Creasy begins in Ancient Greece with the Battle of Marathon where the mighty Persian army was decisively beaten, preceded by the brave Spartan stand at Thermopylae. Creasy takes us through the timelines to include Alexander the Great's epic victory over the Persian, Darius III, at Arbela, the crucial victory at Chalons that checked Attila the Hun's assaults against Europe, the Battle of Hastings, the Spanish Armada and the Americans' victory over the British at Saratoga. Going through there is no denying how crucial each battle was and many of the choices do seem surprising at first. The Carthaginian, Hannibal, gets an inevitable mention but it is the defeat of his brother at Metaurus that Creasy deems the crucial moment, for it prevented the two brothers joining their armies and potentially bringing Rome to its knees. England enjoyed the most famous victories in the Hundred Years War (1337-1453) but it is the contribution of Joan of Arc at Orleans that Creasy puts as the key moment for Joan turned the war in France's favour. The likes of Hastings and Waterloo are obvious choices and with Creasy writing within half a century of Napoleon's final battle, he has a lot to say about this particular exchange.

Creasy's book inevitably suffers from the summary nature of each battle. This isn't his fault of course. Any war requires a book devoted entirely to it to really get a feel for the history and to understand the motivations of the individuals involved. Creasy's narratives work well and they provide enough information to give us a basic idea of what took place but many readers will certainly want to explore certain periods of history further. Creasy's book is also primarily based in and around Europe with one exchange taking place in North America and Alexander's victory in Asia. Creasy would have been limited in research beyond Europe and his book needs to be treated as a product of its time. If such a book as this was written today then battles from the World Wars would undoubtedly get mentioned and the narrative would feel more broadened than Creasy's concentrated work.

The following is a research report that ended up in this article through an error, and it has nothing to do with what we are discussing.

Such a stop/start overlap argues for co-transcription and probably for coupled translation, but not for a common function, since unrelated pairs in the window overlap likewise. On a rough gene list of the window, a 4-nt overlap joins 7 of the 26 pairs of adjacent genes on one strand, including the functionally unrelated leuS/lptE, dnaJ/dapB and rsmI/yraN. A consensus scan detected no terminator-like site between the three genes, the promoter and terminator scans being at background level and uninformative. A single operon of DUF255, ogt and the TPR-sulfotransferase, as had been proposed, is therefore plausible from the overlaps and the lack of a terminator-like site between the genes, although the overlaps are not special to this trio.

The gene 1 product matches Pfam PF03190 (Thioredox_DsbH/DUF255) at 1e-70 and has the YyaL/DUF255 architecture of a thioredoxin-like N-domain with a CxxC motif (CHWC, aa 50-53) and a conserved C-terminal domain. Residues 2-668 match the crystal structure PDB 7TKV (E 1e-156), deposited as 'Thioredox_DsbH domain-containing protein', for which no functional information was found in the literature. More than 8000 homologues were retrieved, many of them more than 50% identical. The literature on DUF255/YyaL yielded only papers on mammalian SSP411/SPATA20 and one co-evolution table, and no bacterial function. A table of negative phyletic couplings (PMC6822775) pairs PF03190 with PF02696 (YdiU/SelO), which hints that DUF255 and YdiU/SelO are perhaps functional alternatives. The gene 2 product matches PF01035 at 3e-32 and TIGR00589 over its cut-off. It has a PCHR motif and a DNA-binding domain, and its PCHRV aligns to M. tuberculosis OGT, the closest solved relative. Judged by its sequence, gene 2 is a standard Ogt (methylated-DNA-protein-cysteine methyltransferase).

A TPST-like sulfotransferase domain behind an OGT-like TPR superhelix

The Fifteen Decisive Battles of the World: From Marathon to Waterloo is a well-written summary of 15 crucial exchanges in history where so much rested on the outcome and each one did change the course of history for better or worse. Although the 150+ years since this book have given rise to many more decisive battles this is still an interesting overview of some key events in military history.
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3 of 3 people found the following review helpful
4.0 out of 5 stars Waterloo, 15 Feb 2013
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Very detailed and an informative read, especially on describing the battle of Waterloo where I couldn't put the book down
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2 of 2 people found the following review helpful
5.0 out of 5 stars Interesting stuff, 30 Jan 2013
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Very interesting and good reference Have not read it all yet but so far so good. Will help with my "Waterloo" software!
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1 of 1 people found the following review helpful
3.0 out of 5 stars slow, 6 April 2014